Cheese-tasting parties may sound a little uppity, but the truth is, there are many reasons why you would want to hold one. For one, quality cheeses are really that good. While some cheeses are definitely an acquired taste, once you learn to appreciate their rich and layered flavors, nothing else compares.
But perhaps most importantly, holding a cheese-tasting party is an incredibly easy way to give guests a gourmet experience at nearly zero effort on your behalf. All you need to do is get the cheese, some wine to go with it. And that’s about it. Even pre-slicing the cheese isn’t always necessary.
But how do you pair cheese with the wine that best suits it? Don’t worry, we’ve got you covered. Simply follow our simple guide, understand the logical underpinnings behind each pairing and then you can improvise and make your own pairings.
1. Blue cheese and Port
Blue cheeses such as Gorgonzola and Roquefort have a strong smell, sharp, nutty flavor, and a crumbly consistency. The strong and full flavors of blue cheese work particularly well with the likewise heavy and strong port wine and its powerful sweetness can help balance out the blue cheese’s pungency and high acidity.
2. Goat cheese and Sauvignon blanc
Goat cheese can come in all sorts of consistencies, but one thing that remains a constant is the tangy, earthy flavor. The unique flavor profile of goat cheese works particularly well with Sauvignon blanc, a white wine that has a light, refreshing and grassy taste to it.
3. Old Cheddar and Malbec
Both Cheddar and Malbec are incredibly popular, even among people who aren’t necessarily connoisseurs, but that is not to say that they don’t have a complex flavor. Cheddar has a firm consistency and a sharp, somewhat bitter flavor. Malbec is a type of red wine that originated in France but really took off in Argentina. It has a nice, full body with a fruity, tannin-heavy flavor. The fruity flavors of the Malbec really help smooth out the bitterness of the Cheddar, not eliminating it, but rather complementing it.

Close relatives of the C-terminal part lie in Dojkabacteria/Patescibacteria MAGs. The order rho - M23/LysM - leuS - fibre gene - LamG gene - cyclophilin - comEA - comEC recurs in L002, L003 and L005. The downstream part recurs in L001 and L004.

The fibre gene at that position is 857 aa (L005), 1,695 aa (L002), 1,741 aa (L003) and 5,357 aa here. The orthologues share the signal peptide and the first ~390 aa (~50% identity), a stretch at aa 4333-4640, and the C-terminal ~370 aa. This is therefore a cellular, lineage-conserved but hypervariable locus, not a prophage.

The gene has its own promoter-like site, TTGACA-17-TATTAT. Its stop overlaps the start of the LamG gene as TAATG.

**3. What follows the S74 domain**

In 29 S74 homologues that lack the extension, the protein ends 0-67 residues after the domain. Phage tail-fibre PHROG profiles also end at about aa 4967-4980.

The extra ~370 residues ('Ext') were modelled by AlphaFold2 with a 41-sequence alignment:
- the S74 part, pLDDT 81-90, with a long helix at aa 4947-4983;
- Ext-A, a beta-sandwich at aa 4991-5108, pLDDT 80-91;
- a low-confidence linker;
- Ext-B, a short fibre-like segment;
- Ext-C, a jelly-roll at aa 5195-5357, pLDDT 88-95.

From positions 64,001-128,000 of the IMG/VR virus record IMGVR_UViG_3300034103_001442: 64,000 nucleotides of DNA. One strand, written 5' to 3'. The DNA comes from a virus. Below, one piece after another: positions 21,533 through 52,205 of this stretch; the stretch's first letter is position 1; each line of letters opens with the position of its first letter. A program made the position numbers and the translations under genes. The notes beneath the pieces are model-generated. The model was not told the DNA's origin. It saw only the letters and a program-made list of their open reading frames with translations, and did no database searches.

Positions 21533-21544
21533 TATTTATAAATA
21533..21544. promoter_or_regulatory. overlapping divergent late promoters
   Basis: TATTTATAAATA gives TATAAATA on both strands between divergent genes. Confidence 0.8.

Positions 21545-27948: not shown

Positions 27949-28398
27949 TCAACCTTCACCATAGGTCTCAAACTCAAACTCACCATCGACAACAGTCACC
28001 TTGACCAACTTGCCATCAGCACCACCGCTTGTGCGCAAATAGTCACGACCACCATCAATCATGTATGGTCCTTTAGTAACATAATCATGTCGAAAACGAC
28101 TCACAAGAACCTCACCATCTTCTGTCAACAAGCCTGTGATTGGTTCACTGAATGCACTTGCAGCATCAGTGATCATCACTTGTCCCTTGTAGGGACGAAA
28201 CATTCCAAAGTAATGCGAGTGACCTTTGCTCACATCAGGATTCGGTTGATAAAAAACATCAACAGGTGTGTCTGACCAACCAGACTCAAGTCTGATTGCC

4. Morbier and Gewürztraminer
Unlike blue cheeses that have veins of penicillin mold all over, the single line across the Morbier is actually ash. Morbier is a particularly pungent cheese with a semi-soft, creamy texture. Contrary to its aroma, the cheese actually has a mild, fruity flavor. This works perfectly with Gewürztraminer, a type of white wine that is sweet and fruity enough to serve as a dessert wine, yet mild and complex enough to be enjoyed by the dandiest of wine-lovers.
5. Brie and Pinot noir
Brie is a particularly popular cheese, owing to its soft, creamy texture and buttery flavor. As a relatively mild, soft-bodied cheese, it is perfectly paired with the equally-mild and smooth Pinot noir.
6. Aged Gouda and Cabernet Sauvignon
Gouda is one of the most popular Dutch exports and is extremely enjoyable in its juvenile, nutty stage, but many cheese-lovers like it even better when it’s fully matured. Aged Gouda is hard and crystalized with a caramelized, sweet taste. Because of its bolder flavor profile, the strong, full-bodied and tannin-heavy Cabernet Sauvignon is a perfect pairing.
7. Manchego and Cava
Manchego is a uniquely Spanish cheese made of sheep milk. It has a rich, zesty, and salty flavor. Its intense flavors are sufficiently lightened with a delightfully refreshing glass of Spanish sparkling Cava.